July 31, 2009

Talking difficulties set stage for other disabilities in children

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Melanie Schuele, Ph.D.

Talking difficulties set stage for other disabilities in children

Speech-language pathologists (SLPs) now know that if a child has difficulty learning to speak then it may just be the tip of the iceberg for other issues in both language and literacy.

A new U.S. Department of Education grant is hoping to ease those concerns by training the next generation of speech-language pathology graduate students to work in schools as SLPs who understand that difficulties learning to talk can lead to difficulties learning to read for at least half of preschoolers.

The Vanderbilt Bill Wilkerson Center will use the federal funding to provide specialized training to 20 master’s degree students in speech-language pathology over four years.

“Research-wise, in the last 20 years there has been much more to support the link between children who have difficulty learning to talk and children having difficulty learning to read,” said Melanie Schuele, Ph.D., assistant professor in the Vanderbilt Department of Hearing and Speech Sciences.

“It was often assumed that if you have difficulty learning to talk as a preschooler we will get you therapy and you’ll catch up and live happily ever after. But now we know that difficulty learning to talk sets the stage for a lifelong disability for a lot of children, probably at least half of the preschoolers who have difficulty learning to talk.”

Schuele said the grant provides training for students to go into schools other settings that serve children and work with special education teachers and regular education teachers to address children’s language and literacy.

In the school district, in terms of meeting children’s educational needs, it is not a matter of each professional knowing what to do but rather professionals knowing how to collaborate, she added.

Another piece of the grant will fund eight daylong expert workshops for students to learn about particular topics and also interact with teachers and SLPs from the community.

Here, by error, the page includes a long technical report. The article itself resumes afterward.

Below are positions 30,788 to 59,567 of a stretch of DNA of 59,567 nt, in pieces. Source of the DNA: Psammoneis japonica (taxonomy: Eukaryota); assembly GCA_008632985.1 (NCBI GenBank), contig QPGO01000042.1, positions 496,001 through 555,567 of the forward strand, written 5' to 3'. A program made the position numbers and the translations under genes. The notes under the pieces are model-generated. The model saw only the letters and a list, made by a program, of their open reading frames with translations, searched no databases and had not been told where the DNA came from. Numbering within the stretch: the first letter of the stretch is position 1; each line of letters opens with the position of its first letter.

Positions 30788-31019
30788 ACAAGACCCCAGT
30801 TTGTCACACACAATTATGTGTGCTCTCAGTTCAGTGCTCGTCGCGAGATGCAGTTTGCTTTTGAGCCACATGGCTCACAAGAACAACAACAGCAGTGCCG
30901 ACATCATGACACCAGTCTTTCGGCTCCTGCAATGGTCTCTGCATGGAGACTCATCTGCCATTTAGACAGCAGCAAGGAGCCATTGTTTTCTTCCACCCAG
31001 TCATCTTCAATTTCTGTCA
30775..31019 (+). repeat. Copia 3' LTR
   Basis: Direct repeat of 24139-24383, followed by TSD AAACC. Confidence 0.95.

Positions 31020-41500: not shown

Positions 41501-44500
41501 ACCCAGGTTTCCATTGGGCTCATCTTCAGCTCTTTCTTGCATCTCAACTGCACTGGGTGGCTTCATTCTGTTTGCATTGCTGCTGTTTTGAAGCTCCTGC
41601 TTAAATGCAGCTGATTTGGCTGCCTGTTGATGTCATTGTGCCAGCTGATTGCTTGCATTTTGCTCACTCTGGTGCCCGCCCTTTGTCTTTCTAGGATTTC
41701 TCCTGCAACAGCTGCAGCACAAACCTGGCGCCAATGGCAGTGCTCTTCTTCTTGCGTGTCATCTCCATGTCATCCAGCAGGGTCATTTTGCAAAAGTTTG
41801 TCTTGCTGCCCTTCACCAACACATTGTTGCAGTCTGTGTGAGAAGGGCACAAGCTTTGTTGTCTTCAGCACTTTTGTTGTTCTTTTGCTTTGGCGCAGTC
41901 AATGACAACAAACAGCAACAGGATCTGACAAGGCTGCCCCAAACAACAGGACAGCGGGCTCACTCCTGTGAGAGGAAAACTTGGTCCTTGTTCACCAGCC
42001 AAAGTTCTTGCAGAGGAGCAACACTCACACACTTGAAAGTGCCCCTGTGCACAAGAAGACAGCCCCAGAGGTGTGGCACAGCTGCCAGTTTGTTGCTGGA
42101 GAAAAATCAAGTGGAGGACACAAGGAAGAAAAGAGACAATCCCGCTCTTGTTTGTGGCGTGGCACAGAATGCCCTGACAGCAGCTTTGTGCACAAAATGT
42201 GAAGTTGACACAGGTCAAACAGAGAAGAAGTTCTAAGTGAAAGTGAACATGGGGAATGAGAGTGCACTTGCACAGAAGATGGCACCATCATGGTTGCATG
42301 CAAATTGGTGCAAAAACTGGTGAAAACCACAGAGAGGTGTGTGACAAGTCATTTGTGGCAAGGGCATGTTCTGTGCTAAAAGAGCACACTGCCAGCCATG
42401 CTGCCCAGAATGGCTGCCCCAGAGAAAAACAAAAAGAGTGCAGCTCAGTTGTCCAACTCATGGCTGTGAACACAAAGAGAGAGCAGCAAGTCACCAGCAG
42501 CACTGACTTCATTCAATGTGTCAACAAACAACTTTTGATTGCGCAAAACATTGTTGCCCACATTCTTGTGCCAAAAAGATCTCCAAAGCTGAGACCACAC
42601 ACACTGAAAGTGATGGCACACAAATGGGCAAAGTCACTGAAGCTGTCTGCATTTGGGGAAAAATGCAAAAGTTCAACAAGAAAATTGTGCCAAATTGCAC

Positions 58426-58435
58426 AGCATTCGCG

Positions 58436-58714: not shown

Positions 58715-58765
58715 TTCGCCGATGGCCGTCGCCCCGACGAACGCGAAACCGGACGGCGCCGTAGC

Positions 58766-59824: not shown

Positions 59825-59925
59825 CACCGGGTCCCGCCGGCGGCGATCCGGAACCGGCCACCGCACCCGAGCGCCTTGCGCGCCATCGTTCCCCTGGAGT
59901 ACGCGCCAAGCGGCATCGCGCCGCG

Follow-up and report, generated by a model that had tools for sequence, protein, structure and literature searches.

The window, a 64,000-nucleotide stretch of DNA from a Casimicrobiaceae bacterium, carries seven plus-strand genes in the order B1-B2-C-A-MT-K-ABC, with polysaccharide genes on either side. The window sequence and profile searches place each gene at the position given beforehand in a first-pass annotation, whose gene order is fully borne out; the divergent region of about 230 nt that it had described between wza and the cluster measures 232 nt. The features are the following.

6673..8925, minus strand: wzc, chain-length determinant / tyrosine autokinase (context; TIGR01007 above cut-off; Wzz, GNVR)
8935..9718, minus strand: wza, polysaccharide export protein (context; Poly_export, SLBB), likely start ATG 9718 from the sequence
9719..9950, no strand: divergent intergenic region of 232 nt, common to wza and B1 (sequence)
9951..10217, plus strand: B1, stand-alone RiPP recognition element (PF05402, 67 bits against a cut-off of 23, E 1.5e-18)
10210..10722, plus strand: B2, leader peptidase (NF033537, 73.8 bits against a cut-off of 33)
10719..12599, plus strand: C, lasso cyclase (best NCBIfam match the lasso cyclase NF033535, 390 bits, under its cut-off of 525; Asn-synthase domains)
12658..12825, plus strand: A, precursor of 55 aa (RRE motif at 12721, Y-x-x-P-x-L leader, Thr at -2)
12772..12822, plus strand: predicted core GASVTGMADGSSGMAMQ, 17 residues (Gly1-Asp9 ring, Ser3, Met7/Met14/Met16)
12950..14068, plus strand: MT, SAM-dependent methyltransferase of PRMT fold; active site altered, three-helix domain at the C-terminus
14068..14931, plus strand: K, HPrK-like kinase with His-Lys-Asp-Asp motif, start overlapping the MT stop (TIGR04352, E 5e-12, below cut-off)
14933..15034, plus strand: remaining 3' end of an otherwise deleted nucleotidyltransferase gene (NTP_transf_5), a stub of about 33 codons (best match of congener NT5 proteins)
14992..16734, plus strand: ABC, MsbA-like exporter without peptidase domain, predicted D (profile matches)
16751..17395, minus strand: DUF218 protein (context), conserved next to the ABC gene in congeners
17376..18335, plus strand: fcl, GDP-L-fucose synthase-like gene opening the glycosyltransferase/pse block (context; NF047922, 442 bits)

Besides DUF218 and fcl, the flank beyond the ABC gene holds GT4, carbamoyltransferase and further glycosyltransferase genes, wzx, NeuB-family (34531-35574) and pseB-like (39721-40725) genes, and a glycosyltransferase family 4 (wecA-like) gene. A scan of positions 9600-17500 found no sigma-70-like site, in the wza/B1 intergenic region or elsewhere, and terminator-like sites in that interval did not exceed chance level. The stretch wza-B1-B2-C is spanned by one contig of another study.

“Our goal is to use the resources from this training grant to not only give expertise to these 20 students but really provide some needed continuing education to people who are already out there in the field struggling with these complex problems,” Schuele said.

“I can see the plus for our students. The more contacts they have with people who currently work in the schools, the better idea they have of what the needs are in that job setting.”

Schuele, who worked in schools for four years after finishing her master’s degree, said it is routine for every school district to not be able to fill the positions for speech language pathology. When the positions aren’t filled, the workload increases for the persons who were hired.

“By federal law, school districts are not allowed to have waiting lists, so if they have 100 children who need services, but can only hire one speech pathologist, then the services are just diluted,” Schuele said.

“The funds from the U.S. Department of Education seek to minimize the shortage of SLPs working the schools and to better prepare SLPs to meet the complex language and literacy needs of school children.”